“The 49ers were more mechanical — without being boring — but the Steelers were more enjoyable to watch. Now to me American football, if it’s not good, can be very boring to watch, and while that could be true of every game, American football is very dependent on brilliant surges.
“None of them compare to hurling at its best. I didn’t see much of it growing up in Kerry but I came to live in Cork.”
And discovered the true faith?
LEE mixes history and sport easily when it comes to Ireland. “I’d see Micheál Ó Hehir as a moulder of Irish identity. On a Sunday afternoon years ago, if you asked what most men were doing in Ireland, they were listening to the radio. That was an enormous bonding and broadcasters don’t get the credit for that.
“As an academic I began to theorise about sport and society, and mass society began to emerge with the railway, when mass numbers could travel — when crowds could follow counties, for instance.
“It’s interesting that Ireland’s one of the relatively few colonised countries which devised its own sport rather than adopting the conqueror’s — perhaps as a way of challenging the royal conqueror.” Lee offers India and the West Indies as support for his idea: “They decided to take cricket and beat the conqueror at his own game, which they did. Passions of identity revolving around national borders is interesting when you consider African supporters becoming passionate about their countries in the world cup — these are countries constructed from borders planted down by their conquerors, which don’t relate to tribal identities.”
Do we pay too much attention to sport in this country? “Think of the pride in a great horse, an Arkle or a Dawn Run, the way the horse is almost viewed as performing for Ireland. We internalise our sense of competitiveness in a relatively innocent way. Do we put too much emphasis on it? The only way to answer that is to consider what we might put the emphasis on otherwise, and if that means an alternative of less structured ways of expression... go back to before the foundation of the GAA, and the clashes with the Carabhats and the Shanavests, the faction fighting and so on.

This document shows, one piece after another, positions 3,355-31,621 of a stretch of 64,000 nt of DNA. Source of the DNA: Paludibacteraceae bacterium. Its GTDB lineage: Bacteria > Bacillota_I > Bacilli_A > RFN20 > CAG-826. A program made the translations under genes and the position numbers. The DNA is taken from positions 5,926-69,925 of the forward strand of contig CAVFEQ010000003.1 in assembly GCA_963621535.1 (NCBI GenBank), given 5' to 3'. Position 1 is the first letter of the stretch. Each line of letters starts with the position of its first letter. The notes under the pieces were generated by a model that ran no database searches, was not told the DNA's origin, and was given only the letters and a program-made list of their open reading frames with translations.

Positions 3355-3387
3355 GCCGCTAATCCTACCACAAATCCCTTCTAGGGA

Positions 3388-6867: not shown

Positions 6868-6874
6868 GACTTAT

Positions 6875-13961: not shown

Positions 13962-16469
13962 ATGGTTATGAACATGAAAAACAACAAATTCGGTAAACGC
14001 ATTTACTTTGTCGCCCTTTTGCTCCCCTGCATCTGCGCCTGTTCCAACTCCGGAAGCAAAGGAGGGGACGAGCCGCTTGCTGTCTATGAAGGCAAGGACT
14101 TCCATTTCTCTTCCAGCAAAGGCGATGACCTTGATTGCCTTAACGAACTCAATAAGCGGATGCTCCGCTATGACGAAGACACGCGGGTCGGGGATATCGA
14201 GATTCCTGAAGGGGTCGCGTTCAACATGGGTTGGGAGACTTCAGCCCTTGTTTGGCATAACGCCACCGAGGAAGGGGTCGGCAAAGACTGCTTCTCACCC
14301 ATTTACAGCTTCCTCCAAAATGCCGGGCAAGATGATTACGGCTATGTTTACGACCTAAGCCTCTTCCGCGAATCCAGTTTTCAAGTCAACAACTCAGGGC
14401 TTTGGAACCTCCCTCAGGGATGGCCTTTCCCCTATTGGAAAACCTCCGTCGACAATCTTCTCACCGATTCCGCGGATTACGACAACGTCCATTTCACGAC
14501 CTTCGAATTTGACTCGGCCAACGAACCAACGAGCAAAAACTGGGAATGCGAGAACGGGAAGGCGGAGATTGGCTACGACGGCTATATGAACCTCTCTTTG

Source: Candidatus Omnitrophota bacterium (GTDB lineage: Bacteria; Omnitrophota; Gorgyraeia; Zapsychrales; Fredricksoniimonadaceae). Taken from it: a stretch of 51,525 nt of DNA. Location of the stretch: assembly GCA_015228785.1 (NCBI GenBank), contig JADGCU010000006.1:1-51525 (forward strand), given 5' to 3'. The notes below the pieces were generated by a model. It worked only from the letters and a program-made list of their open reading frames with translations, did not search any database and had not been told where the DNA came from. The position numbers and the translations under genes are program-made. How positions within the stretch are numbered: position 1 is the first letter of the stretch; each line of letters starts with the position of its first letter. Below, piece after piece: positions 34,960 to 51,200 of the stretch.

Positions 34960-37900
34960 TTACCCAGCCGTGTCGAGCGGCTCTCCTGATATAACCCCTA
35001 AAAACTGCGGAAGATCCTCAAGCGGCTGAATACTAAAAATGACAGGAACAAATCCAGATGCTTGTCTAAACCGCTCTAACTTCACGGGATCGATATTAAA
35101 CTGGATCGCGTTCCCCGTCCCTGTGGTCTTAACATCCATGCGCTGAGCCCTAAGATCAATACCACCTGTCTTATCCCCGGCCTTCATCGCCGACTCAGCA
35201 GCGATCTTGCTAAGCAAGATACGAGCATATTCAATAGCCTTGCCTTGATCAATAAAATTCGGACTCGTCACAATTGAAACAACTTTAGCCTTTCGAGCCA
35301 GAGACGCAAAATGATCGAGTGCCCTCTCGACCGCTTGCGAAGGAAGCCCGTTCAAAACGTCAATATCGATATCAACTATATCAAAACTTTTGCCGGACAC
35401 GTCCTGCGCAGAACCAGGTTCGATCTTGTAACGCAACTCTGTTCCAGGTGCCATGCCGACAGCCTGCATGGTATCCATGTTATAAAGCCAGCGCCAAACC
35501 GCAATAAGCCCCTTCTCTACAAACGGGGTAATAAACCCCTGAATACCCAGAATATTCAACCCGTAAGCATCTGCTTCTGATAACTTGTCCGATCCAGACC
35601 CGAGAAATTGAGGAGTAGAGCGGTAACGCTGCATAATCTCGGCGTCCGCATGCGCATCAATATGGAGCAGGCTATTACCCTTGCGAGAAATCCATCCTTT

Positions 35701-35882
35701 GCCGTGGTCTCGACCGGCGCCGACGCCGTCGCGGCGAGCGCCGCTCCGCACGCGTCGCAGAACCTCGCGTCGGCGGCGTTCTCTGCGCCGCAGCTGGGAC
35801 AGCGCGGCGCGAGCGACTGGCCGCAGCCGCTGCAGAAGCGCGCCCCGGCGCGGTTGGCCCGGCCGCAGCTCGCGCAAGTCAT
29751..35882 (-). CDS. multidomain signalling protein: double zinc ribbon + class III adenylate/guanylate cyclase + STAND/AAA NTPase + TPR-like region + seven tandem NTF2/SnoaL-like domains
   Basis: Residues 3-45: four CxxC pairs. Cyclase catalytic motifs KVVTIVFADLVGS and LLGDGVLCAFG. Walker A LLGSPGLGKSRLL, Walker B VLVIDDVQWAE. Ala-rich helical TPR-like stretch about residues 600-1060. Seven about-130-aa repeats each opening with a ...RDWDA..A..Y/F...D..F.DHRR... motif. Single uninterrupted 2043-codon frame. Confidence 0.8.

“What all sports have done is to provide a focus for skill and self-control. Boxing isn’t as popular now as it was three-quarters of a century ago, for instance, but it was a way for immigrants and other groups to move up the social ladder.
“For all the corruption and exploitation in some sports, if you consider what the alternative might have been, it’s a relatively innocent way of harnessing people’s competitive energies.”
These days Lee is Director of Glucksman Ireland House NYU, as well as Professor of History and Irish Studies, and he can link sport with the Irish experience in America.
“Irish immigrants furthered Irish interests in the US through sport — with baseball, for instance, and in the early Olympic Games, when they often felt they were representing Ireland. At the London Olympics they refused to dip the flag to the King of England. At one level it’s curmudgeonly, while at another it’s making the point.
“I often ask my students, ‘who are the best-known Irishmen in 19th-century America?’. They usually come up with Robert Emmet.
“The other one, which nowadays they don’t come up with, is John L Sullivan the boxer. He was huge. And while James Corbett beat him and was also Irish, he wasn’t as... aboriginal Irish, as it were, as John L.”